With any merger or acquisition, tax liability is a major concern because when you buy a company you assume its tax obligations. And you can bet the IRS is keeping close tabs on every transaction for taxable events, not to mention state tax authorities.
Not paying attention to tax treatments that apply to acquisitions could cost a Buyer significantly, and perhaps negate any advantage they had in the deal at all. For example, say a Buyer purchases because they think it has favorable tax deals, but the taxing authority disagrees. Then they’re on the hook for the tax bill.
But for a low premium, tax insurance, with policy terms generally set at six years, would protect against that disastrous event. Think of tax insurance as an “add-on” to Representations and Warranty insurance, kind of like you add earthquake or hurricane coverage to your homeowner’s policy.
That might be putting it too lightly, actually. Tax insurance protects a taxpayer (in this case, the acquiring company) if there is a failure of tax position arising from an M&A transaction, as well as reorganizations, accounting treatments, or investments.
A few examples of where tax liability insurance would be applicable (thanks to RT ProExec Transactional Risk’s recent white paper for this info and other helpful tips in this post):
Checking tax status is, of course, part of any Buyer’s due diligence. An outstanding tax bill is easy to find. But certain tax treatments the Seller insists are correct and up to standard, may not be. The Buyer, relying on its tax attorney’s specialized tax expertise, can insist those issues be taken care of pre-sale because they are exposures.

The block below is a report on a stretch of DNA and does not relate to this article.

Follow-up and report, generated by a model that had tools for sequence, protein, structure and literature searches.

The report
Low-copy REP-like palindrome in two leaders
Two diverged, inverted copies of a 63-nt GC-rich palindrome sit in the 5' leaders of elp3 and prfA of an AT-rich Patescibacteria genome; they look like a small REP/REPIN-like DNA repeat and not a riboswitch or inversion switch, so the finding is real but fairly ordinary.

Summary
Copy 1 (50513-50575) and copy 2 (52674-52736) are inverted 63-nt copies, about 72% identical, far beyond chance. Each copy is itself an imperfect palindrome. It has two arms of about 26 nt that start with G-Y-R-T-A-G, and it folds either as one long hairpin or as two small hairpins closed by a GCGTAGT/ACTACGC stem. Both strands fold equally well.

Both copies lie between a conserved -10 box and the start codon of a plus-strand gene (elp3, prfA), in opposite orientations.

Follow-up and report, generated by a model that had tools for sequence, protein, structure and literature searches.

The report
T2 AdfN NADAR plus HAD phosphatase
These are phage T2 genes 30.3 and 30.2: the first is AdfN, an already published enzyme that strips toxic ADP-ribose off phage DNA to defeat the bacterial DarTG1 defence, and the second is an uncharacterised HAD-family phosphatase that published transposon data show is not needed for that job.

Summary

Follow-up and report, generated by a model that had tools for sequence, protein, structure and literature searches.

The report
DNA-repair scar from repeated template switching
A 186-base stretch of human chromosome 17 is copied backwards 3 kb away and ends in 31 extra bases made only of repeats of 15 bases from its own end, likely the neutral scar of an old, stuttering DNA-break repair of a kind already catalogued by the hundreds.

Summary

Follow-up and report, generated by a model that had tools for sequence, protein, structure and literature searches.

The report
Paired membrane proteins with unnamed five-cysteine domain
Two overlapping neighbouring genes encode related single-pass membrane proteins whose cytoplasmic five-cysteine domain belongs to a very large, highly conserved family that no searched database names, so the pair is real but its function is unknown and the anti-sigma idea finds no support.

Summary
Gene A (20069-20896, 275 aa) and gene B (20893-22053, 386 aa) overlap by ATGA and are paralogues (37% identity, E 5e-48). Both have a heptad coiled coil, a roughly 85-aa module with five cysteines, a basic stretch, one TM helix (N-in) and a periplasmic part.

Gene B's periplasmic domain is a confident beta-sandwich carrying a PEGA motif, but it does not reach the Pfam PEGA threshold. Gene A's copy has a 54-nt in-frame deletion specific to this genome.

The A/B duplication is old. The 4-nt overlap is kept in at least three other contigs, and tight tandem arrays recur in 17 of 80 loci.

In the past, Sellers could go to the IRS and ask, “Is this an exposure?” and get a Private Letter Ruling okaying the request. But with the IRS swamped these days, they’re not really issued anymore.
When there are tax issues that come up for debate during due diligence for an M&A transaction, both sides bring in tax attorneys and each side makes the best determination in their opinion if this is a taxable transaction or not. They could take a light touch or be very conservative.
The Buyer will likely insist that a portion of any tax liability goes to the Seller, whose expert says they don’t agree with that determination. If there is a disagreement – get tax insurance.
Underwriters will get letters from tax attorneys from both sides outlining their arguments, along with supporting documents. It’s quite simple underwriting.
Underwriters want to see:
It generally takes the Underwriters about three to four days to deliver a preliminary response.
In some cases, M&A transactions can become tax-free transactions or tax-free exchanges. Of course, the IRS can always disagree and insist on back taxes and fines.
Some things to keep in mind:
When Underwriters aren’t confident about a specific tax position, they may set retention at where they think the tax authority would settle. When they are more confident, they will be okay with minimal retention by the insured or none at all.
If a tax memo convinces them that the IRS agrees that it is not a taxable event – good. If not, the IRS triggers an inspection.
The insurance will pay the legal costs to fight the IRS, as well as taxes, penalties, and fines if they lose. And, get this. If your insurance win was, let’s say, $5 million and the IRS says, “You just made $5 million in income,” the insurance will pay tax on that as well. That is known as a “gross-up.”
Tax liability insurance is more expensive than R&W (it generally costs between 3% to 6% of the limit), but it makes sense as the stakes are higher. So it should be an important part of any M&A transaction.
If you’d like to discuss how to protect yourself with tax liability insurance and how it coordinates with R&W coverage (because R&W does not include a Seller’s identified or disclosed tax risks), please call me, Patrick Stroth, at (415) 806-2356 or email me at firstname.lastname@example.org, to further discuss this vital insurance protection.